- there is a statute or court order that permits it; or
- this kind of statute or court order could be the kind that permits the temporary denial of contact with the child on the grounds that it is necessary to protect a child from abuse or neglect;
- this kind of statute or court order could be the kind that permits the temporary denial of contact with the child on the grounds that the other parent is suspected of engaging is engaging in activity that places the child at risk of harm (such as substance abuse, criminal behavior, severe mental illness, etc.);
- the other parent was never (often referred to as the “noncustodial parent”) was never awarded any visitation (also know as “parent-time”) rights in the first place,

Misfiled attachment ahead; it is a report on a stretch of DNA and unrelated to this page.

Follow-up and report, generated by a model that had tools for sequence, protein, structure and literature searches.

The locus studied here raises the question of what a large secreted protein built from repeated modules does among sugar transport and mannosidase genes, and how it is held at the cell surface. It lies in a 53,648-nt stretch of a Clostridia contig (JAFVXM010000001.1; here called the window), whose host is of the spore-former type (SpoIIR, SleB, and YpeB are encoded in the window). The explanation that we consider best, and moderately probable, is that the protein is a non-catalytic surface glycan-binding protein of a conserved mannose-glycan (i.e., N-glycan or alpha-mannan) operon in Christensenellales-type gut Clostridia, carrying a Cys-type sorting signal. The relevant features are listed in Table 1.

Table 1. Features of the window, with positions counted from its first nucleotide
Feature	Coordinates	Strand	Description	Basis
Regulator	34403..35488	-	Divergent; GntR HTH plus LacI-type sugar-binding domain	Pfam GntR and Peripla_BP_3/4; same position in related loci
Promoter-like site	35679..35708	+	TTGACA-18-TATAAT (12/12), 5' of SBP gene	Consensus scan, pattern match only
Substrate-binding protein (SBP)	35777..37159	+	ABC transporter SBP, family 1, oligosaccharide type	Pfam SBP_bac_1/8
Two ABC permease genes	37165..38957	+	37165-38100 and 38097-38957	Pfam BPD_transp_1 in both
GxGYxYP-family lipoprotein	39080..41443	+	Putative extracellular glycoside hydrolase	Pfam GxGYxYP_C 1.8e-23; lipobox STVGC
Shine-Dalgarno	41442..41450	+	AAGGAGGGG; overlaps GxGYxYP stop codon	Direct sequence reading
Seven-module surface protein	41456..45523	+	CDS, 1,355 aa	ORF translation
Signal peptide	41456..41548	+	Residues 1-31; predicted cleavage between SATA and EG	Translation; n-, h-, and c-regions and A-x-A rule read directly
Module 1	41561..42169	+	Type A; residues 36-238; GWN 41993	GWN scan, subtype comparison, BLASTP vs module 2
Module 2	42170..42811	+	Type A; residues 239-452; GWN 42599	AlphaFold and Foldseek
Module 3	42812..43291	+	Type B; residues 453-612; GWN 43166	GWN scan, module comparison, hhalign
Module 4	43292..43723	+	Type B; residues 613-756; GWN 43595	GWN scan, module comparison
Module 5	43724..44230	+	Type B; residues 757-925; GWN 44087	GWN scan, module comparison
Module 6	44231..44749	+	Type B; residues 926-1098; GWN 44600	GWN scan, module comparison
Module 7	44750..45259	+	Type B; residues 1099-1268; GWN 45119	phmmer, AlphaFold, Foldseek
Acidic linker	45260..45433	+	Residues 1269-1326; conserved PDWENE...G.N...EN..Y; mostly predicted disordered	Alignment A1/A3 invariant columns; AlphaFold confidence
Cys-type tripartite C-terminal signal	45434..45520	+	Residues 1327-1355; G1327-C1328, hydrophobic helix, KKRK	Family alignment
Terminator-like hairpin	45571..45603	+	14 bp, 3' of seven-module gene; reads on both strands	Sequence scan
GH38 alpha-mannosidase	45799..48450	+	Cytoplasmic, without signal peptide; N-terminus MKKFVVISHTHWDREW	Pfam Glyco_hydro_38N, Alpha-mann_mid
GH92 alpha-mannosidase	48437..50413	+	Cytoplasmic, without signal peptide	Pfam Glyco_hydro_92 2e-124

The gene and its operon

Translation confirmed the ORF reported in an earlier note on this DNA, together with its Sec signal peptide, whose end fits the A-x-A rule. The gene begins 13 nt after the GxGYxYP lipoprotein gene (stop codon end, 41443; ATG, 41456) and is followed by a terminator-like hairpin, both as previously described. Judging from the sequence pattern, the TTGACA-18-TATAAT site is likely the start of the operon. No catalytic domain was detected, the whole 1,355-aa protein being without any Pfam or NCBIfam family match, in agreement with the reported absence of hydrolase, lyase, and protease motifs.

then no, the parent awarded sole (sometimes referred to colloquially as “full”) custody of the child cannot legally and lawfully prevent the other parent from contact with their minor child.
The fact that the noncustodial parent is paying child support likely makes it even harder to justify interfering with that parent’s visitation/parent-time, rights, if he/she has them.
Utah Family Law, LC | divorceutah.com | 801-466-9277